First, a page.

This site is optimised for modern browsers. For the best experience, please use Google Chrome, Mozilla Firefox, or Microsoft Edge.


We welcome your feedback, which will help improve this site.

Feedback form

19/120 Relapsing polymyalgia rheumatica




The aim of the HTA Programme is to ensure that high quality research information on the effectiveness, costs and broader impact of health technology is produced in the most efficient way for those who use, manage, provide care in or develop policy for the NHS. Topics for research are identified and prioritised to meet the needs of the NHS. Health technology assessment forms a substantial portfolio of work within the National Institute for Health Research and each year about fifty new studies are commissioned to help answer questions of direct importance to the NHS. The studies include both primary research and evidence synthesis.

Research Question:

What are the optimal management options for patients with polymyalgia rheumatica who have relapsed during corticosteroid therapy?

  1. Intervention: Options could include non-biologic disease-modifying anti-rheumatic drugs as add-on therapies (e.g. methotrexate, leflunomide). Applicants to define and justify choice and dosing of treatment regimen(s).
  2. Patient group: Patients with polymyalgia rheumatica with recurrence during corticosteroid therapy (to be defined and justified by applicants).
    Applications are encouraged which include recruitment from geographic populations with high disease burden which have been historically underserved by research activity in this field.
  3. Setting: Primary and secondary care, taking into account shared care protocols.
  4. Control: Usual care as defined and justified by applicants.
  5. Study design: Randomised controlled trial with an internal pilot phase to test the ability to recruit and randomise. Clear stop/go criteria should be provided to inform progression from pilot to full trial. Applicants to give consideration to study designs that would allow the comparison of different therapeutic pathways.
  6. Important outcomes: Disease relapse (pain, stiffness); sustained discontinuation of corticosteroids; cumulative steroid dose; time to disease remission; physical function; corticosteroid-related adverse events; short-term serious adverse effects and withdrawals due to adverse events.
    Other outcomes: Quality of life; work participation; cost-effectiveness; development of giant cell arteritis.
  7. Minimum duration of follow-up: Applicants to define and justify.
    Longer-term follow up: If appropriate, researchers should consider obtaining consent from participants to allow future follow up through efficient means (such as routine data) as part of a separately funded study.


Polymyalgia rheumatica is an inflammatory condition affecting the muscles, particularly in the shoulders, neck and pelvic girdle. It most commonly occurs in older people of Scandinavian/northern European descent. Patients have severe pain and stiffness in the muscles as well as non-specific symptoms such as fatigue and loss of appetite. Increases in acute phase reactants such as C-reactive protein are common. The aetiology of polymyalgia rheumatica is unclear.

Polymyalgia rheumatica is usually treated with corticosteroids which act to rapidly reduce inflammation, improving symptoms in the majority of patients. However, relapse is common following reduction of corticosteroid dose and patients are often treated for up to two years. As a result, they are at risk of adverse effects such as increased blood pressure, stomach ulcers and osteoporosis, the treatment of which potentially requires further use of NHS resources.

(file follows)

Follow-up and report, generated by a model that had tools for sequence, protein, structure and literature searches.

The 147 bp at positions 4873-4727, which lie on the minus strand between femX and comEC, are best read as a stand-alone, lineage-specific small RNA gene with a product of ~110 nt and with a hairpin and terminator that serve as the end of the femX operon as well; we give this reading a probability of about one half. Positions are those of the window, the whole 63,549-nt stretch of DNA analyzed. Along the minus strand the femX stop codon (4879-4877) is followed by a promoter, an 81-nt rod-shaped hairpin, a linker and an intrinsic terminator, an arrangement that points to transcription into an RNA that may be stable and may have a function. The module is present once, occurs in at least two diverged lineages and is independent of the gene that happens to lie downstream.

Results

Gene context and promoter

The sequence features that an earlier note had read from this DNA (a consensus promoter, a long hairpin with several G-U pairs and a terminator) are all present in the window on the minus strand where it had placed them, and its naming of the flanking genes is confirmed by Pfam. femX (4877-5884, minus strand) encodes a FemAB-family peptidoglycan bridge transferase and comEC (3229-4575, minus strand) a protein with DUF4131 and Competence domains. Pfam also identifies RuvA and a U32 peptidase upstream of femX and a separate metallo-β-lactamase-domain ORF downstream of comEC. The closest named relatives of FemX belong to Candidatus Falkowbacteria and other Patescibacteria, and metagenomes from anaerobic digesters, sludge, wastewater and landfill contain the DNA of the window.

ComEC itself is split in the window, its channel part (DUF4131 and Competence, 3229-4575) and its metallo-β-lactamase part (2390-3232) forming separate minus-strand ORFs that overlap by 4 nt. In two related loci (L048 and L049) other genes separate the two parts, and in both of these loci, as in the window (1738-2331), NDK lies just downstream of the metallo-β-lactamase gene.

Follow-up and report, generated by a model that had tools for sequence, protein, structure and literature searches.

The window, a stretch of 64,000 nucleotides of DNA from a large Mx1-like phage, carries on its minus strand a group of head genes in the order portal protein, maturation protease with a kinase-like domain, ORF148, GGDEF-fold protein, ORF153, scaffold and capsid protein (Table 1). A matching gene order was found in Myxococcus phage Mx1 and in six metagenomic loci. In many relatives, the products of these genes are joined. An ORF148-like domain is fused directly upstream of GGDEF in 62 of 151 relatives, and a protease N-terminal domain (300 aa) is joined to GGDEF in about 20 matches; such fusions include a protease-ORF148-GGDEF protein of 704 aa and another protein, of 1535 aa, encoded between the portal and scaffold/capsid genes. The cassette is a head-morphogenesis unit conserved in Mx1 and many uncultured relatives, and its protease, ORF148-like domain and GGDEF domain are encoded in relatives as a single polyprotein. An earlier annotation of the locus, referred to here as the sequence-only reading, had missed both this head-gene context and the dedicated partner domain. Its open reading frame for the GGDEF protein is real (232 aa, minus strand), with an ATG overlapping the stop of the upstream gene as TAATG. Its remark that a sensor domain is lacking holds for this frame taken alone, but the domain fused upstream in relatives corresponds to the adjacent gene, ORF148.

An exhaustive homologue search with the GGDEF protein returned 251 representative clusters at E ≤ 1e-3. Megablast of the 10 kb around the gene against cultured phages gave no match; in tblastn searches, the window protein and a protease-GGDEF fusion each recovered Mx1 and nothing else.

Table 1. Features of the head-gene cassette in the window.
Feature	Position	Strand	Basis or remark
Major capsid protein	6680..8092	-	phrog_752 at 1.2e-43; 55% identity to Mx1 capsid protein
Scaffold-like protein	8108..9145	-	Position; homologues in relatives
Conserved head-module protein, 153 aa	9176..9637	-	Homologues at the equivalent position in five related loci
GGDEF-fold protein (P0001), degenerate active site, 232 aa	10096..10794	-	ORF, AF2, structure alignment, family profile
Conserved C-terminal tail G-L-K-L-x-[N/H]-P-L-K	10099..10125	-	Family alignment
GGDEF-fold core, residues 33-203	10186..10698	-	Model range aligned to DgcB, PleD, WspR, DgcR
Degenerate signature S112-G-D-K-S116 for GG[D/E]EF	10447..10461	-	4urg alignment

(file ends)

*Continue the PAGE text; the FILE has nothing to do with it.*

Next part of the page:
Management of polymyalgia rheumatica with steroid-sparing agents such as disease-modifying anti-rheumatic drugs is therefore an attractive option. However, there is limited high quality evidence to demonstrate a benefit of using such agents in this condition. The addition of methotrexate to corticosteroids has been investigated in a few randomised studies that have reported mixed results. Evidence showing a benefit of treatment with leflunomide is limited to small case series. The HTA programme would therefore like to commission primary research to address this evidence gap and to inform clinical practice in this area.

Additional commissioning brief background information

A background document is available that provides further information to support applicants for this call. It is intended to summarise what prompted the call and the existing evidence base, including relevant work from the HTA and wider NIHR research portfolio. It was researched and written on the basis of information from a search of relevant sources and databases, and in consultation with a number of experts in the field. If you would like a copy please email

Making an application

If you wish to submit a Stage 1 application for this call, the online application form can be found on the Funding opportunities page.  To select this call, use the filters on the right of the screen or search using the call name and/or number.

Your application must be submitted on-line no later than 1pm on the 29th July 2020. Applications will be considered by the HTA Funding Committee at its meeting in September2020.

Guidance notes and supporting information for HTA Programme applications are available by clicking the links.

IMPORTANT: Shortlisted Stage 1 applicants will be given eight weeks to submit a Stage 2 application. The Stage 2 application will be considered at the Funding Committee in January 2021.

Applications received electronically after 1300 hours on the due date will not be considered.

Should you have any queries please contact us:


Commissioning Funding Committee 02380 595510